Continue Reading

Latest News

A group of 9/11 victims call for frozen funds to be given back to Afghanistan

Published

on

(Last Updated On: August 19, 2022)

Families of 9/11 victims have called on US President Joe Biden to release billions of dollars belonging to Afghanistan.

In a letter sent to Biden this week, 77 family members of 9/11 victims called on the president to modify an executive order from February which froze the Afghan central bank’s $7 billion of assets being held by the Federal Reserve Bank of New York.

“Any use of the $7 billion to pay off 9/11 family member judgments is legally suspect and morally wrong,” the family members wrote in a letter first reported by Politico.

The letter came amid a report in the Wall Street Journal that the US had ruled out releasing the funds following the US killing of al-Qaeda leader Ayman al-Zawahiri in Kabul earlier this month.

The US froze the money after the Islamic Emirate of Afghanistan (IEA) swept to power following the chaotic US withdrawal from Afghanistan. The IEA and US had been engaged in talks about releasing the funds.

Biden planned to give $3.5 billion to Afghanistan for humanitarian purposes and the balance to families of 9/11 victims.

But the revelation that the al-Qaeda leader was living in Kabul derailed talks between the US and the IEA on a compromise over the funds.

The 9/11 victims’ families said that, while they had filed lawsuits seeking justice for their loss, they didn’t intend for the compensation “to take money away from starving Afghans”.

“This money is theirs, not ours,” the letter said. “Simply put, this money belongs to the Afghan people, not 9/11 family members – and they need it more.”

Continue Reading

Latest News

3,000 religious scholars, elders and officials attend IEA’s Kandahar meeting

Published

on

(Last Updated On: August 18, 2022)

About 3,000 religious scholars, government officials, ethnic elders and members of civil society attended a meeting in Kandahar on Thursday.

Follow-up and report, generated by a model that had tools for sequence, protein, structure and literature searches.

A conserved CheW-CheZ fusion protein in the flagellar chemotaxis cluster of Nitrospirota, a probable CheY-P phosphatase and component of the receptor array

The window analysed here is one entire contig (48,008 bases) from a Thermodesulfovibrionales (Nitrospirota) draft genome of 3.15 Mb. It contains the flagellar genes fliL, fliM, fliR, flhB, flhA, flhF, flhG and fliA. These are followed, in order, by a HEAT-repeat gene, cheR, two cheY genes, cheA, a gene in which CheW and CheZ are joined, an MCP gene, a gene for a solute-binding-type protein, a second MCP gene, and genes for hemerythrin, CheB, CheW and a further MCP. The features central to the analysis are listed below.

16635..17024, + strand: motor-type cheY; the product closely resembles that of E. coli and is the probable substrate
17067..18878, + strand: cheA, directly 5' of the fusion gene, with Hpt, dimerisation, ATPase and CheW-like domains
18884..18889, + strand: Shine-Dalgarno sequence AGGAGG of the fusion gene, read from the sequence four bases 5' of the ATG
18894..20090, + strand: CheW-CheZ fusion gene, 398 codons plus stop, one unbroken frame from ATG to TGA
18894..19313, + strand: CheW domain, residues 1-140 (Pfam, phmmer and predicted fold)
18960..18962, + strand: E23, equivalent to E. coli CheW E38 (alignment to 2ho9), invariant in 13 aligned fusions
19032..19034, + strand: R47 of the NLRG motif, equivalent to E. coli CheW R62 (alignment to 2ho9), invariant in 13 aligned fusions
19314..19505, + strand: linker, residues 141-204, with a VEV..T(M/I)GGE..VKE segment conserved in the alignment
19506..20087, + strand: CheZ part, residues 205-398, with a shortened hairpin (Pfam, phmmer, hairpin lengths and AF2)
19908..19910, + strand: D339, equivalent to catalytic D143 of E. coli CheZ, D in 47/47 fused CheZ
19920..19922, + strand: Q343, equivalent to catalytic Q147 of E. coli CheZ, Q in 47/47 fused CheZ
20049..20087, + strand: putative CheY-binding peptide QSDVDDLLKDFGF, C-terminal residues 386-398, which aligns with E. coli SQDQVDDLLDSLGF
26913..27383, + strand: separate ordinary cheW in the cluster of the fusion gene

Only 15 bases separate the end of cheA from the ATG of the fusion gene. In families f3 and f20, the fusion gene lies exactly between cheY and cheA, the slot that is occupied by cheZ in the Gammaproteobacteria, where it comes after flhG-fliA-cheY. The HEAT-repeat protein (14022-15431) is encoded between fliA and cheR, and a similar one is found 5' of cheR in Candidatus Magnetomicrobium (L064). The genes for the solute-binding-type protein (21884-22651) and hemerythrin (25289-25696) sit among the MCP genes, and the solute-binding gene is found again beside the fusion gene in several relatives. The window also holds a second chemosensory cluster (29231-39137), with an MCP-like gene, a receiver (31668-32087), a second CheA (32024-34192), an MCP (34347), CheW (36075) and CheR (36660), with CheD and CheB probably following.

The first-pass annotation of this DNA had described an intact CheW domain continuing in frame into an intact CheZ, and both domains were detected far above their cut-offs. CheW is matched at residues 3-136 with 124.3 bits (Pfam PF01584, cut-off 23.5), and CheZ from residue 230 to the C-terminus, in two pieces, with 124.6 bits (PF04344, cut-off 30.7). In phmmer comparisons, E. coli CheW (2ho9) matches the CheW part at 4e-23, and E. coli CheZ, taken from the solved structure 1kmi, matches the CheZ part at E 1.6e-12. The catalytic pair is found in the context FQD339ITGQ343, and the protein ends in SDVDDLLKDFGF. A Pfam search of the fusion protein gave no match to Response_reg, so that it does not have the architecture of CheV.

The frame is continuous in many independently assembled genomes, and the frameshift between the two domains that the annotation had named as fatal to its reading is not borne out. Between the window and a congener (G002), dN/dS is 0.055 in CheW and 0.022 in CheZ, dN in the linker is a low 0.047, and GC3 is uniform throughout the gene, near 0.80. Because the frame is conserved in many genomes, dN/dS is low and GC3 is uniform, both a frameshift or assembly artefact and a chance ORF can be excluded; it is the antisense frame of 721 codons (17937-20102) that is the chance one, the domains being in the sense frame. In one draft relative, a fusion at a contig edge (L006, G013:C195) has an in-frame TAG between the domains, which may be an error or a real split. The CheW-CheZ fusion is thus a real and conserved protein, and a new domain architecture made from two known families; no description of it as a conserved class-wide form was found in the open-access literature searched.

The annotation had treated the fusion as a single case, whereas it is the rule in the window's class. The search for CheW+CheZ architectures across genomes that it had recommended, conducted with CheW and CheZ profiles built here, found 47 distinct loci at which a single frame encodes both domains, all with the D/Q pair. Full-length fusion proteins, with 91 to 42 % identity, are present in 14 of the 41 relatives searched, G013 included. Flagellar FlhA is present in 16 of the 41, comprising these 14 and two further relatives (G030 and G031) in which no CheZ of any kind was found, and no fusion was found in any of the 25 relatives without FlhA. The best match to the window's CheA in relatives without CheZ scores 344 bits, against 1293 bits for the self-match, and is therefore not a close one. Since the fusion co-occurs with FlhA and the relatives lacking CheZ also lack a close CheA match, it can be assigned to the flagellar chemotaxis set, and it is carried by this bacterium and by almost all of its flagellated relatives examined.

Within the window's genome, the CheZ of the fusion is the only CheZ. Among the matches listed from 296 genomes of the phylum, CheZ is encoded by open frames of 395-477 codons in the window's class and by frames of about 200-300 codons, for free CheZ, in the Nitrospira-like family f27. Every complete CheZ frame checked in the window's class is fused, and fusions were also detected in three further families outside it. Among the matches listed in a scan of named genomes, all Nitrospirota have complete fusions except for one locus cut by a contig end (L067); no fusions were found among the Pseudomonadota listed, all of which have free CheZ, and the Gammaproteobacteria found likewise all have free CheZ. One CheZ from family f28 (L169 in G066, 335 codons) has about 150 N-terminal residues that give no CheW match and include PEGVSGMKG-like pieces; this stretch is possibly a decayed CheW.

Among the key speakers was the supreme leader of the Islamic Emirate of Afghanistan (IEA) Mullah Haibatullah Akhundzada.

The media was however prevented from recording or filming Akhundzada’s speech.

Amir Khan Muttaqi, the acting Minister of Foreign Affairs, said at the meeting that the IEA wants good relations with the world, but that the foreign community should not expect relations to normalize immediately – not after 20 years of war.

Muttaqi said that while the IEA wants good relations with the international community, they expect the world to allow Afghans to live according to their beliefs and traditions.

He also said that they have made many achievements in building trade relations with countries in the region and currently the borders are open to Afghan traders who are now exporting their goods.

On the other hand, acting Minister of Vice and Virtue has said that the IEA has made countless sacrifices to end the occupation and establish an Islamic system in Afghanistan.

However, Afghans across the country are hoping that one of the outcomes of this meeting will be the decision to reopen schools for girls above Grade 6.

But it is not clear as to whether the subject was discussed at the meeting.

This is the second such meeting in as many months. The first one, two months ago, took place at the Loya Jirga Hall in Kabul.

Continue Reading

Trending

Copyright © 2022 Ariana News. All rights reserved!